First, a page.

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Siena

"I took many trips to Siena, and was struck by its beauty, but also by the beauty of the Siennese themselves." ~ Roger Allam

sunny 13 °C
View Italy and Paris April 2015 on Anja Fourie's travel map.

Where did we stay? Hotel Garden

Cobblestoned streets, narrow alleys, brown tiled roofs and towers give Siena its distinctly Medieval feel. All buildings in the town have the same brownish colour. The colour Sienna takes its name from this city, as this is where it was produced during the Renaissance. The city is rich in history and culture. A total of 7 popes originated from Siena and it has the oldest bank in the world. The city is surrounded by high medieval walls and until 100 years ago, the gates of the city were still locked every night. Siena is an ancient city in Tuscany, that made its money by many travellers coming through the area on their way to Rome. During the 14th century, Siena was as rich as big European cities such as Paris and London.

"I took many trips to Siena, and was struck by its beauty, but also by the beauty of the Siennese themselves. They are dark, fierce, and aristocratic, very different to the much paler Venetians or Florentines. They have always looked like this, as the paintings of their ancestors testify. I observed the groups of young people, the lounging grace with which they wore their clothes, their sense of always being on show. I walked the streets, they paraded them. It did not matter that I do not speak a word of Italian; I made up stories about them, and took surreptitious photographs." ~ Roger Allam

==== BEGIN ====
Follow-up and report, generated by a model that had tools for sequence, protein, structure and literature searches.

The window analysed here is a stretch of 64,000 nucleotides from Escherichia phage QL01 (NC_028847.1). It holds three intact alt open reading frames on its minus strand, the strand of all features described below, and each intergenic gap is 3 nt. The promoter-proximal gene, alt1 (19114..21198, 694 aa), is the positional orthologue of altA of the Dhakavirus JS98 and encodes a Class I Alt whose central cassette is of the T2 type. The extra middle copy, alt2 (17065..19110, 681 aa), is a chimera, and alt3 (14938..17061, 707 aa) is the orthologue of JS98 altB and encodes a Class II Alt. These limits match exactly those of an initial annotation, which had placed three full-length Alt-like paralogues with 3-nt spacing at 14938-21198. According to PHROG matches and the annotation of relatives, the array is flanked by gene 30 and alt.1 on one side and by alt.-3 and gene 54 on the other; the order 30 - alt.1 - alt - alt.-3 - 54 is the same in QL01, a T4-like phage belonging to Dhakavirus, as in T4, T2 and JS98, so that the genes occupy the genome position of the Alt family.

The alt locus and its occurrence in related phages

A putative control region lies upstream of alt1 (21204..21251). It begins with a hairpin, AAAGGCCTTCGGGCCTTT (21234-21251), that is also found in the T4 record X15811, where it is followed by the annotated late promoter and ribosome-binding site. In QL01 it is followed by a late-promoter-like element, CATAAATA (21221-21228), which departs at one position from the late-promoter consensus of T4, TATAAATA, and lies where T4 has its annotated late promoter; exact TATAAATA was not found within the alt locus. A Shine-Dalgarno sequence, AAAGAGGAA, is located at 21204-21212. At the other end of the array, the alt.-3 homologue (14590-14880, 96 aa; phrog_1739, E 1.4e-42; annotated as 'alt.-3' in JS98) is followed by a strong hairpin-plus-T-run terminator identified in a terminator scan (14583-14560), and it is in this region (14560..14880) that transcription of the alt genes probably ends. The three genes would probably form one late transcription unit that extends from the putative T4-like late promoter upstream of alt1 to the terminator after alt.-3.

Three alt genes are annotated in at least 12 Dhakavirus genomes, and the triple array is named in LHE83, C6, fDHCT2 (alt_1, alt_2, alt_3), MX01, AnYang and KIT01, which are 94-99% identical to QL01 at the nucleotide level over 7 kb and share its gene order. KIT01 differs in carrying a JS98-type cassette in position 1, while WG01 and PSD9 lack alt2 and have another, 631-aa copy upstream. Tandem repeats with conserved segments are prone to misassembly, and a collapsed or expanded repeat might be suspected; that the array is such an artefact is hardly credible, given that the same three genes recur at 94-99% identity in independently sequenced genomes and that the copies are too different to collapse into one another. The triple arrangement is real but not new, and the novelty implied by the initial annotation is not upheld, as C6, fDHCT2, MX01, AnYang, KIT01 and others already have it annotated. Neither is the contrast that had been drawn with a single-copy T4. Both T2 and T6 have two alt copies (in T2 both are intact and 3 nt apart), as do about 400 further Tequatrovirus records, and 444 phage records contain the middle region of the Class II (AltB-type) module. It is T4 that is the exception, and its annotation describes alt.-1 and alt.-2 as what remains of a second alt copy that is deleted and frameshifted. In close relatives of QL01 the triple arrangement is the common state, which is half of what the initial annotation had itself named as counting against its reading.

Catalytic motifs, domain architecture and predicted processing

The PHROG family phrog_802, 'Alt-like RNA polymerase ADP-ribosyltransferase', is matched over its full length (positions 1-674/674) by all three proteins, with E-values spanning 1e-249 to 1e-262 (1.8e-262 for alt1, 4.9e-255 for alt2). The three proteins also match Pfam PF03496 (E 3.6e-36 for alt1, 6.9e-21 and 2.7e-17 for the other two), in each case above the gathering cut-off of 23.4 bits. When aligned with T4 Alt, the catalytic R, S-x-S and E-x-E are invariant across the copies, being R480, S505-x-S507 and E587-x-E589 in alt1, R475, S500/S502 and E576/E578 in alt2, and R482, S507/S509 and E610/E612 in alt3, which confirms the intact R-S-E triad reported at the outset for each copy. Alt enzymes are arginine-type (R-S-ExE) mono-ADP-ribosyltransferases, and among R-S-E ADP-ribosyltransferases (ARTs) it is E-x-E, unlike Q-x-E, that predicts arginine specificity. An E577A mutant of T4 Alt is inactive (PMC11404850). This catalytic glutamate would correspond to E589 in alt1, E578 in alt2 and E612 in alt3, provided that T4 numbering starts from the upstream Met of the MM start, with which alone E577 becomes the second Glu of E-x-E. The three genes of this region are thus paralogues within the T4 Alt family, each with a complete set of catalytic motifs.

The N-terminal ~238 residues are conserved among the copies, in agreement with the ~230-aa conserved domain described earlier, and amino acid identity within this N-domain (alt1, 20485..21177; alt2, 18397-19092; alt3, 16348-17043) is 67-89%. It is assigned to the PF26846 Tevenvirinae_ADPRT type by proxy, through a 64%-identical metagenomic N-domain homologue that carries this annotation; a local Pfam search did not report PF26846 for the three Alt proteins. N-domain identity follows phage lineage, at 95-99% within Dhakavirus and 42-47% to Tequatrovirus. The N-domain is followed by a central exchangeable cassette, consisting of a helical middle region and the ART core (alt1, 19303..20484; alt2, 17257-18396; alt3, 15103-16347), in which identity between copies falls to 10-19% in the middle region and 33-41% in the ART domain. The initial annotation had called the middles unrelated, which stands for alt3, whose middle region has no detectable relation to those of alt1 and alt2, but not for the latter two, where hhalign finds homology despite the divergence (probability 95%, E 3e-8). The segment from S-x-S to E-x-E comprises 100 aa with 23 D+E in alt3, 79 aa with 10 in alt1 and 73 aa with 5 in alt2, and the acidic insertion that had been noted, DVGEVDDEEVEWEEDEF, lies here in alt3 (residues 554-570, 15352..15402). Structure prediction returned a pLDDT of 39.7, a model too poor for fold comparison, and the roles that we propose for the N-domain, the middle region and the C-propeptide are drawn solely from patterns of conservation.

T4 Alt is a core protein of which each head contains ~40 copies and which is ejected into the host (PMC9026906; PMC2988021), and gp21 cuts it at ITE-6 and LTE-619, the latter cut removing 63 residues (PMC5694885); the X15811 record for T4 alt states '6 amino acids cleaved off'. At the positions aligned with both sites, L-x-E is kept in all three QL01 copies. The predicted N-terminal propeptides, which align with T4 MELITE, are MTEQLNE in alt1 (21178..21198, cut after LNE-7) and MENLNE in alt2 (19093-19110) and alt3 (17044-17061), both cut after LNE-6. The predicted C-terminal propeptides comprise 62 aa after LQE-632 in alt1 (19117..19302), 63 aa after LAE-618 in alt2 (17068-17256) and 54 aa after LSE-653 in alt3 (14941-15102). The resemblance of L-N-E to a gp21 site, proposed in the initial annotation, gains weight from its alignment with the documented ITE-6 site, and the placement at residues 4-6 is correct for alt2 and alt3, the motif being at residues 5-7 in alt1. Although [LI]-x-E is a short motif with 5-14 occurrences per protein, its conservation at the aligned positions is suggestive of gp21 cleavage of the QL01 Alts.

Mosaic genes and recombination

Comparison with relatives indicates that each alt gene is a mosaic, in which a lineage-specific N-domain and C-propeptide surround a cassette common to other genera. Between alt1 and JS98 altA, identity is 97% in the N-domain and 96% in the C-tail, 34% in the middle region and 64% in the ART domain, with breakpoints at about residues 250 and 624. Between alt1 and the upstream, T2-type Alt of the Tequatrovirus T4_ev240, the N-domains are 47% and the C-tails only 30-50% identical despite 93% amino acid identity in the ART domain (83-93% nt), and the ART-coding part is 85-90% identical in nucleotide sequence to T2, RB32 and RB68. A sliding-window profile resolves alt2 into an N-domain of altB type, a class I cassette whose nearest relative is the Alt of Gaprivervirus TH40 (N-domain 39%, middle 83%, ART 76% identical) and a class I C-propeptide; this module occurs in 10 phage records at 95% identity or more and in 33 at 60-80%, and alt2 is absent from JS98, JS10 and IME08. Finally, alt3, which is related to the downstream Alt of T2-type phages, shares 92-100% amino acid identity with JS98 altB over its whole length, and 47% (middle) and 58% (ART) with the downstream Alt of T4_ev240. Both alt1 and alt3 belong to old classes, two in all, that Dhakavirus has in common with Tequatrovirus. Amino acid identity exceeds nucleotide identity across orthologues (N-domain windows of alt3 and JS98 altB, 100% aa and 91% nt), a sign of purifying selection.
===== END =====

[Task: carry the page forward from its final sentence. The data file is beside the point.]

The walls of Siena: The tour bus had to park outside the thick Medieval walls, and we walked further towards the town centre.
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The medieval streets of Siena
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THE CONTRADE OF SIENA

Siena is divided into 17 contrades (districts). Each district has their own symbol and flag. Some of the districts are Aquila (Eagle), Drago (Dragon), and Torre (Tower). In the Middle Ages, each Contrade was a different military troop, set up to defend Siena against Florence and the Medici. As time has gone by, the contrade have lost their military functions and the districts are simply areas of local patriotism. Loyalty to your contrade is taken so seriously, that marrying outside of your contrade is seen as a 'mixed marriage'. Siena may be a maze of alleyways, but it is always easy to know in which contrade you find yourself. The symbols of each contrade are displayed everywhere to designate territory. Each contrade has their own symbol, flag, animal, mythological associations, traditions, etc. The entire history and way of life in Siena is shaped around the contrade you are from.

Symbols of the Selva district (left) and the Aquila district (right)
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Piazza del Campo